PGP is very safe; however, you should be weary of which version you are using. Back in the early 90s, when Phil Zimmerman was writing all of it, he was under constant surveillance and pressure to not distribute his code, especially because of the patents/copyrights/trademarks/whatever-the-hell-it-was over the RSA algorithms that were used in key encryption and cryptography. The long and short of that: it wasn't allowed to be exported, as the US had judged that cryptography was a munition. However it did get out, so there were the threats to charge Zimmerman under one of the Arms Export Control Act, though he never did export PGP with that algorithm.

    There was an international version that was released (the code was open source) that did not include that algorithm. There was nothing in the laws that said you couldn't import algorithms; you just couldn't export them from the US.

    Luckily the license for those expired, Zimmerman wasn't charged, and all is well.

    Now for the software. PGP went commercial, which didn't help things. GnuPG popped up, and that's been the the most used variant for PGP that I've seen in a long time. I would trust that or the commercial version of PGP (though the commercial version was bought by Symantec, so YMMV there).

    The key with it is to first avoid the RSA and IDEA algorithms; those have been cracked. Second is to avoide anything lower than a 2048-bit key; those are also susceptible to being cracked. Same with MD5, and I want to say that SHA1 has been as well (I may be wrong with SHA1).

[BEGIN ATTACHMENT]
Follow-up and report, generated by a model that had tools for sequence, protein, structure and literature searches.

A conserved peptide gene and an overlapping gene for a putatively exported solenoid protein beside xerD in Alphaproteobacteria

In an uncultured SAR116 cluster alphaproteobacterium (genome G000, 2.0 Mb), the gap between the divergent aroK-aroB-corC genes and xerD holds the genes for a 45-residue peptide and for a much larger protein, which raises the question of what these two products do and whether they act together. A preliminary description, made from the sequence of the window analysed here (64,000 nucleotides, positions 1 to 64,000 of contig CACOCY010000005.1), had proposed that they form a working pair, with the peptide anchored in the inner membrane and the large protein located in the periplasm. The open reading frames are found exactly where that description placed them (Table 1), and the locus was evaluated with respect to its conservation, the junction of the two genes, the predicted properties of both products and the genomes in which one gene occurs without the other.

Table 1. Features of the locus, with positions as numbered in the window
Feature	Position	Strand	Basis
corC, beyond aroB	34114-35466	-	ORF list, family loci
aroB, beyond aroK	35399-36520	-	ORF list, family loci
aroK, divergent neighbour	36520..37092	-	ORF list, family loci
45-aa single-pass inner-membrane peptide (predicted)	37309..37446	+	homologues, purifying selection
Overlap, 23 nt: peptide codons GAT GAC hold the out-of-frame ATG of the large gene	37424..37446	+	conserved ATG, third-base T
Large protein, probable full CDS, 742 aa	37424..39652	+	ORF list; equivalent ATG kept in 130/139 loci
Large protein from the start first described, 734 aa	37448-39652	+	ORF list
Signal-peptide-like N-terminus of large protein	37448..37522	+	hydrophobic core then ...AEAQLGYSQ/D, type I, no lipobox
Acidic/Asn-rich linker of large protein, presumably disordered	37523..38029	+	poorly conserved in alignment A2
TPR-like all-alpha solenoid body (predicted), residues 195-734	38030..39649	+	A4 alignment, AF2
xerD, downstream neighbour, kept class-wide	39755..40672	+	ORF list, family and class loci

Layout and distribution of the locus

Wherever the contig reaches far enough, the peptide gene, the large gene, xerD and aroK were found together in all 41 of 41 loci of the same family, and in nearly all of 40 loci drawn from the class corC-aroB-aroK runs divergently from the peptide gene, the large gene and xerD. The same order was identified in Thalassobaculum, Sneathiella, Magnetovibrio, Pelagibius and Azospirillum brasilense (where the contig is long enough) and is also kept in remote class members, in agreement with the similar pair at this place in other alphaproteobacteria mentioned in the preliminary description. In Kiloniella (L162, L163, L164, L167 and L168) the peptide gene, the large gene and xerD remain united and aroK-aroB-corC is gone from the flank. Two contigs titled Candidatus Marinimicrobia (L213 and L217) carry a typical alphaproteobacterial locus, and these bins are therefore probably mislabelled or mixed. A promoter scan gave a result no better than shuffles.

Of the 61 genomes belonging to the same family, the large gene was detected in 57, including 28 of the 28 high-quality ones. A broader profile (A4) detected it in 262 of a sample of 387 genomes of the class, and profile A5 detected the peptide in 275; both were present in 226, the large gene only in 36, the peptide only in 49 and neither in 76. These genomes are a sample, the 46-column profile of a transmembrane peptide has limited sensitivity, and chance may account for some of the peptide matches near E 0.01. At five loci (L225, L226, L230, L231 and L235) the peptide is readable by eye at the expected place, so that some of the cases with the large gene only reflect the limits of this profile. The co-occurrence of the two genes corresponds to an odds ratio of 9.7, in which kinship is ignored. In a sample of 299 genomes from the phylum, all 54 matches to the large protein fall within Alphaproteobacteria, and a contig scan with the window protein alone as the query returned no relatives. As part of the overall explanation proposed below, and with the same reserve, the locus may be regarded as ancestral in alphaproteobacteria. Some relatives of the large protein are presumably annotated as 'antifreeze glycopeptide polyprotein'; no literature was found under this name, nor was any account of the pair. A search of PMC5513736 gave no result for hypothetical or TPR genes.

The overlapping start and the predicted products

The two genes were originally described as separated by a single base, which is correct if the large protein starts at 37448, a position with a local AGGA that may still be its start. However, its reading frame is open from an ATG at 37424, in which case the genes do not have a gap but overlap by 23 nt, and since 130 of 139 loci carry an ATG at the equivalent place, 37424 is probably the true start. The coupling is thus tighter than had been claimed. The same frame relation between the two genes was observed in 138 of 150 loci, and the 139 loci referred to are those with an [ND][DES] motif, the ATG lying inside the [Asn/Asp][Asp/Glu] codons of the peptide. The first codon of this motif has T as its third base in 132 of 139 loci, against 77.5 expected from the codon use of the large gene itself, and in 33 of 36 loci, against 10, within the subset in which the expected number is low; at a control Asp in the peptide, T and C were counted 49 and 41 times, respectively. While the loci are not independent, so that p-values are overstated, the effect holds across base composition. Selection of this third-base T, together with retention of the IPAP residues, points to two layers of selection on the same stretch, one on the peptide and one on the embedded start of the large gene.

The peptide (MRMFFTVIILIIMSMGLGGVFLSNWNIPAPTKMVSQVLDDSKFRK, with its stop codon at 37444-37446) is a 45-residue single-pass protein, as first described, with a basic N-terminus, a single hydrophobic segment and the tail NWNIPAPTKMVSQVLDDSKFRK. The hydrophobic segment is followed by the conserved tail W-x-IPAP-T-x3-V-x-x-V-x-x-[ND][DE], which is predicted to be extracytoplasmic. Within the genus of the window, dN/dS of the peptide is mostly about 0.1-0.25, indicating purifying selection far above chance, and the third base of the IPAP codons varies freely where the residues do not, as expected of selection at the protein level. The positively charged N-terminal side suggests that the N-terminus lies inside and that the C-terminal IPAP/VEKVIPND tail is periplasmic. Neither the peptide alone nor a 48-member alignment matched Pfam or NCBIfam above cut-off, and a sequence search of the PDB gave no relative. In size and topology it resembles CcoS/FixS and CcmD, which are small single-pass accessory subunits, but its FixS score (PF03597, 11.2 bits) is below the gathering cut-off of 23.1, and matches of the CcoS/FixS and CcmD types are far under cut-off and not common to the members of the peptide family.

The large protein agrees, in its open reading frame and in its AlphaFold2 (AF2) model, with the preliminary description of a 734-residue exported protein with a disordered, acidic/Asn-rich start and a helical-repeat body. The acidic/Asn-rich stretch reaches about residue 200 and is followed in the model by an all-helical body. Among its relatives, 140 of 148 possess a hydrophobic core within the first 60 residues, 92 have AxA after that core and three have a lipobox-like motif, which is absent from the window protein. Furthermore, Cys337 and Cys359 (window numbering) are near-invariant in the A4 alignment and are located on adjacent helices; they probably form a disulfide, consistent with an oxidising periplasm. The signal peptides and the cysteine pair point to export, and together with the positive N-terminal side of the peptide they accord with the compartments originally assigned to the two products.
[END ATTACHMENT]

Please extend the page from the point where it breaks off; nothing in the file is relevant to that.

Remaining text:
For years I've had a 4096-bit key available if I wanted to do any secure communication with anyone, and have used various ciphers supported. If you keep the size of your relatively high (2048-bit will be okay, but again, I went 4096-bit to make sure that people are good and dead before they crack it), then you should be okay.

    Also, if you are really paranoid, hand off your public key to the person you want to have it in person; have them sign your key in person, as well as you sign theirs. That eliminates anything man-in-the-middle, etc. From there, you should be good; sign your message, encrypt it, and off you go.

    BL.
     
  10. MorphingDragon macrumors 603

    MorphingDragon

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    #10
    Take any Cyber Security course and learn how little you are actually protected. You likely use someone else's computer platform, do you trust each component of it? Do you know that if you use a cryptography package that another part of your system isn't going to compromise it? Even if you trust no one, the nuances required to actually implement this stuff is beyond one person to do well and securely.

    Simply put, if you want maximum security DO NOT use any form of digital communication. The numbers are just so against you.